Are There Natural Remedies For Cognitive Aging?

More than 30 countries now have a life expectancy of 80 or more, a dramatic increase over the last half century. This is good news, but it also brings challenges. The aging brain goes through predictable changes, and as a result, old age is usually accompanied by some cognitive decline, even dementia.

Happily, some of the risk factors for mental aging are open to intervention. Diet, exercise and mental activity all play a role in healthy aging, but there are also natural pharmaceuticals that may be of use in staving off decline. Psychological scientists Con Stough and Matthew Pase of Swinburne University of Technology, in Australia, have been studying various pharmacological interventions, and recently put together a status report on their effectiveness in preserving abilities like memory and reasoning. Here’s what’s known so far:

• Ginkgo biloba. Scientists have extensively investigated this natural supplement, taken from the Ginkgo biloba tree. One extract, known as EGb 761, is of special interest, because it acts in several ways that may be relevant to mental aging. It has both antioxidant and anti-inflammatory properties, and also improves blood flow, glucose metabolism and synapse function.

But clinical results have been mixed. One review found no consistent evidence of benefit —> Read More Here

Big Data Arrives on a Small Lake in Vermont

Photo: Blue-green algae bloom on Shelburne Pond. Credit: Lisa Borre.
A blue-green algae bloom on Shelburne Pond in late July. (Photo by Lisa Borre.)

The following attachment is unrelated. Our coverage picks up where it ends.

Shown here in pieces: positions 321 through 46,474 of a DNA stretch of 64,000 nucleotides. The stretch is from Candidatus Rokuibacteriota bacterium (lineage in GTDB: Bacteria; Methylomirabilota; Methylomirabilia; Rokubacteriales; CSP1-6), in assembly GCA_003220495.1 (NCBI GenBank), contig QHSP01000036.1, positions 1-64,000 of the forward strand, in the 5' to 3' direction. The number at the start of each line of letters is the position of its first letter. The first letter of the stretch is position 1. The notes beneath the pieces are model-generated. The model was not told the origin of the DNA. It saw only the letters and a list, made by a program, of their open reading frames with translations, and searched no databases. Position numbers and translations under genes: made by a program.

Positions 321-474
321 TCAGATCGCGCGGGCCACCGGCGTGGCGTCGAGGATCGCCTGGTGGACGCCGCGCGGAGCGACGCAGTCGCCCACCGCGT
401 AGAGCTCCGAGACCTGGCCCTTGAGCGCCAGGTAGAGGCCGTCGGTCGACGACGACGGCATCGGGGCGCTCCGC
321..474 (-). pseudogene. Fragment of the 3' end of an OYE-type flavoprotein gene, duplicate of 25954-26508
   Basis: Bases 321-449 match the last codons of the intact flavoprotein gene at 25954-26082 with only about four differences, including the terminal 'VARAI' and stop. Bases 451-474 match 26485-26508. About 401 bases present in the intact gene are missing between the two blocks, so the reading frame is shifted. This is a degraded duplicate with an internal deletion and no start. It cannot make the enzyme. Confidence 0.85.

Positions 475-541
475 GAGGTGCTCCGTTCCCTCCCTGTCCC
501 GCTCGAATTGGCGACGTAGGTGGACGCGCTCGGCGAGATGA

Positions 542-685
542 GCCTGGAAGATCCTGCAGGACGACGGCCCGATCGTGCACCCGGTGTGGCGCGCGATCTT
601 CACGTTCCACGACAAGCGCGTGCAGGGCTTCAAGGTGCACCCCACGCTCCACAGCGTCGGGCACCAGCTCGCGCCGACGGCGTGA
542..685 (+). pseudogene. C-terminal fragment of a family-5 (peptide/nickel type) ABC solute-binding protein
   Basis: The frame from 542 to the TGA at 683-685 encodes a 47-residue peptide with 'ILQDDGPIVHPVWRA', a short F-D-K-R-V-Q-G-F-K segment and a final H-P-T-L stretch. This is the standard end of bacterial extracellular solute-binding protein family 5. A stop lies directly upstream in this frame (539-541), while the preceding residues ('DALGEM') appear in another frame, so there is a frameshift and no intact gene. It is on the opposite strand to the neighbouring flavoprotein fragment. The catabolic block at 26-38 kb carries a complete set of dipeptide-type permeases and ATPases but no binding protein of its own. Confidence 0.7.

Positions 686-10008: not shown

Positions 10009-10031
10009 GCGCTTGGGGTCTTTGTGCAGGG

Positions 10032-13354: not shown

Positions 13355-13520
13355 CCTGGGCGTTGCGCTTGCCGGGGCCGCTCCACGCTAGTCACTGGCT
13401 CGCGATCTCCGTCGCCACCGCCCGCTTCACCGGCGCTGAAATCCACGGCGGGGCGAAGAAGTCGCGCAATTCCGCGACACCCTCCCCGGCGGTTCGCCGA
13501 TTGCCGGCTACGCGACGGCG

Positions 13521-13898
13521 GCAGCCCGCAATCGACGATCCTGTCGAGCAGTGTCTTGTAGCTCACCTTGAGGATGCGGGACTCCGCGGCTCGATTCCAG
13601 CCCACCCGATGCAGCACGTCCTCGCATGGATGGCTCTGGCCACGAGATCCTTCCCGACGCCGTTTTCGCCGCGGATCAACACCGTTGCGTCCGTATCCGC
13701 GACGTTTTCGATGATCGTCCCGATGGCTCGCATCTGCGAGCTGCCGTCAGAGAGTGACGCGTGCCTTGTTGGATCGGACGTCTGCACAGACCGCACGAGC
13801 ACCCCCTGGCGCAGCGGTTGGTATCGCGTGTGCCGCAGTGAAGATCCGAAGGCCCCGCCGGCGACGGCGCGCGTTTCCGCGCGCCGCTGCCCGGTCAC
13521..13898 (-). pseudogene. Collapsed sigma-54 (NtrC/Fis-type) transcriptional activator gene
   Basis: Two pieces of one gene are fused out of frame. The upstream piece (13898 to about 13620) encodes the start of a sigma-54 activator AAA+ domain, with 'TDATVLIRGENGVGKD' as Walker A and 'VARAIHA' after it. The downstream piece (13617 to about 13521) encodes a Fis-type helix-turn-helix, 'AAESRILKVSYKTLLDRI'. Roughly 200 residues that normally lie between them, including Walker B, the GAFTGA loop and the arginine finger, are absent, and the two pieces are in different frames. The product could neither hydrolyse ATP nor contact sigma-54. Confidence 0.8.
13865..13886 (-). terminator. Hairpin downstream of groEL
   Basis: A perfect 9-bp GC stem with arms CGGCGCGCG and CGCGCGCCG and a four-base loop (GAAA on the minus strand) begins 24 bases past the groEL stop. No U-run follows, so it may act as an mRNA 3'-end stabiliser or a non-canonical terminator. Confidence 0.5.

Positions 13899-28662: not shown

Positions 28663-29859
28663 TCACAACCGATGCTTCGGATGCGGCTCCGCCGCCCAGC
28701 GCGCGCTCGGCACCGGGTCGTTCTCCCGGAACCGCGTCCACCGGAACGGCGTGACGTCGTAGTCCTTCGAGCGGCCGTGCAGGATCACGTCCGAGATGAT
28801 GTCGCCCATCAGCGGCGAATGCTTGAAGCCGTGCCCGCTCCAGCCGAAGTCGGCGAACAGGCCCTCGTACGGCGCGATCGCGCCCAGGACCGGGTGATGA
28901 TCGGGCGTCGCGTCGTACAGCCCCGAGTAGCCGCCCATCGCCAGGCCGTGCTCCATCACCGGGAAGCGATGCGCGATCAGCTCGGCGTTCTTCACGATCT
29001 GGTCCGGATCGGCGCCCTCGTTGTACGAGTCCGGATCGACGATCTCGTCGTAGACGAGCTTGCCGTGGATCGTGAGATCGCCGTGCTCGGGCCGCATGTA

While visiting Vermont in late July, I took a day to catch up with colleagues who are studying lakes. University of Vermont (UVM) Rubenstein Ecosystem Science Laboratory director Jason Stockwell arranged for me to go out on a sampling run with two interns. Our destination was Shelburne Pond, a shallow lake located about ten miles south of Burlington. The hyper-eutrophic lake was the subject of my undergraduate thesis research, “Internal Sources of Phosphorus in Shelburne Pond, Vermont.” I was interested to learn about the latest round of research there and invited college friends Jennifer Curtin and Sara Thompson to join me for the outing.

A large frontal system had moved through the day before, leaving behind a quintessential Vermont summer day: clear skies with air temperatures in the 70s. Puffy white clouds floated by. It was not unlike the day I arrived in 1985 as a geology student to collect samples and discovered that a massive fish kill had occurred the night before.

A Tipping Point: Massive Fish Kill in the mid-1980s

On that day over a quarter century ago, thousands of fish were floating belly-up, perch, —> Read More Here

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